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    For a sore throat medications like Celestial Seasonings, Vicks or Cepacol lozenges that contain menthol or benzocaine which are topical anesthetics with short lives that don’t affect mum or baby adversely. They work by numbing the affected area for short periods and pass into the bloodstream harmlessly.

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    Over the counter cold and flu medications that contain ibuprofen or acetaminophen as their ingredients such as Theraflu are generally considered to be safe to take while breastfeeding.

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    Eye drops for allergies such as Visine, Clear Eyes or Refresh are considered safe for use while breastfeeding because they don’t interact with the blood in any meaningful way. They have a very short life so they dissipate quickly.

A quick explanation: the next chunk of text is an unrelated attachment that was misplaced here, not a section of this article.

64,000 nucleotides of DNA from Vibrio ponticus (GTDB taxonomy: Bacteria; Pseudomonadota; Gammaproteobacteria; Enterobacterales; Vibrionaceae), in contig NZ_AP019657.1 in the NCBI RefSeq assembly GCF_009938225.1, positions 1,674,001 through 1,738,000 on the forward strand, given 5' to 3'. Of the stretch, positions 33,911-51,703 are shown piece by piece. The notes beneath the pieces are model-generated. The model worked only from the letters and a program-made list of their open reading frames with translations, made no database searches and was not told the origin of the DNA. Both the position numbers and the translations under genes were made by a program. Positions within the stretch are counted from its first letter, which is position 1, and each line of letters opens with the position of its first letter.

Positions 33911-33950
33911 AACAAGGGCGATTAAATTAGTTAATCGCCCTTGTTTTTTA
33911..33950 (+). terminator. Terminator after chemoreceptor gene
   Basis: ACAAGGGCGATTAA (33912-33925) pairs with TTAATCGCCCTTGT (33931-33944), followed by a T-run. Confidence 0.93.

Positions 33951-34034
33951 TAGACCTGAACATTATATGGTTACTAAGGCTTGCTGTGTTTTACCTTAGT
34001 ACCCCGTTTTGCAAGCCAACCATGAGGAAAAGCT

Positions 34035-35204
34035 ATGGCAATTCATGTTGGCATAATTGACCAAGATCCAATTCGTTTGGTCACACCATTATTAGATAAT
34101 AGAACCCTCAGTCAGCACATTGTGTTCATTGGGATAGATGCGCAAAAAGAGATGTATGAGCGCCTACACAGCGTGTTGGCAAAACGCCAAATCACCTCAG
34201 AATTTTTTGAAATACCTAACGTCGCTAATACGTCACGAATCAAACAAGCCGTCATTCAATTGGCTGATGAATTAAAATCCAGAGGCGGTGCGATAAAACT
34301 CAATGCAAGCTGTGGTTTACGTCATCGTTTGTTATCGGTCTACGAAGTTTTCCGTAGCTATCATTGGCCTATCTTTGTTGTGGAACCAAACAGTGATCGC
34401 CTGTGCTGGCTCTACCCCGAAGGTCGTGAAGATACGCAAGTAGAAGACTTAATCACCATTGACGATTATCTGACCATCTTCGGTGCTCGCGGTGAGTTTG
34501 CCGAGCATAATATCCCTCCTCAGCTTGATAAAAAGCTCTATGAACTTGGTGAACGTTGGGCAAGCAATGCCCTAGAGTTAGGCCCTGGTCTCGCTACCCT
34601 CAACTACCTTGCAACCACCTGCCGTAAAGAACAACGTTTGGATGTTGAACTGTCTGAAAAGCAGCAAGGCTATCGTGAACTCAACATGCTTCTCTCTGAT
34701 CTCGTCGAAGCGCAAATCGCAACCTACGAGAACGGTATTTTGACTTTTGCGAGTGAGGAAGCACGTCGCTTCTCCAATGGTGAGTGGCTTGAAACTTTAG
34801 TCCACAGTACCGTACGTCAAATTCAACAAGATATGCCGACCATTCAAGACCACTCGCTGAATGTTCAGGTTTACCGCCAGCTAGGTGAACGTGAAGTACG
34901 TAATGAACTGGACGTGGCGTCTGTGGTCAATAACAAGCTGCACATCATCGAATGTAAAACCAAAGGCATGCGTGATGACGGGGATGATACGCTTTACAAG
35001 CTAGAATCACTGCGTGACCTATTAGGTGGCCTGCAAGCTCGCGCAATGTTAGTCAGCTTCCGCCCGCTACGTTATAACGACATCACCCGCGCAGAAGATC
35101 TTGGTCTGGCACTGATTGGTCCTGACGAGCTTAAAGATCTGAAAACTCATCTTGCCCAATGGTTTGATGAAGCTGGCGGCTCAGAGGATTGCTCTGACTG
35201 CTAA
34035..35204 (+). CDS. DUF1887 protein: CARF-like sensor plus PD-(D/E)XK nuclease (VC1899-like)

What Are Some Non Medical Alternatives To Take?

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If you’re still concerned about passing something onto your baby no matter the amount, there are quite a few natural or holistic methods that you can use. Most of these won’t act quite as quickly as an over the counter medication. But the knowledge that they’re completely safe for baby will might make it worth it for you.

Almost all of these methods will be preventative. So you would take them before you have symptoms of a cold or flu and it helps to keep them at bay. Others will work just as well at the onset of symptoms.

Vitamins.

A combination of vitamins such as Vitamin C and D offer a boost to the immune system. You can take them both in pill form, but are also available in liquid forms. But you might like to take something that’s easy to take and can be added to water and other drinks. The immune booster Emergen-C is available at most groceries and pharmacies, in a powder in various flavours.

Echinacea is a natural supplement

Natural Herbs And Roots.

  • Elderberry supplements help to support the body during a flu and will help to get rid of symptoms faster. You can find syrups in health food stores and some pharmacies.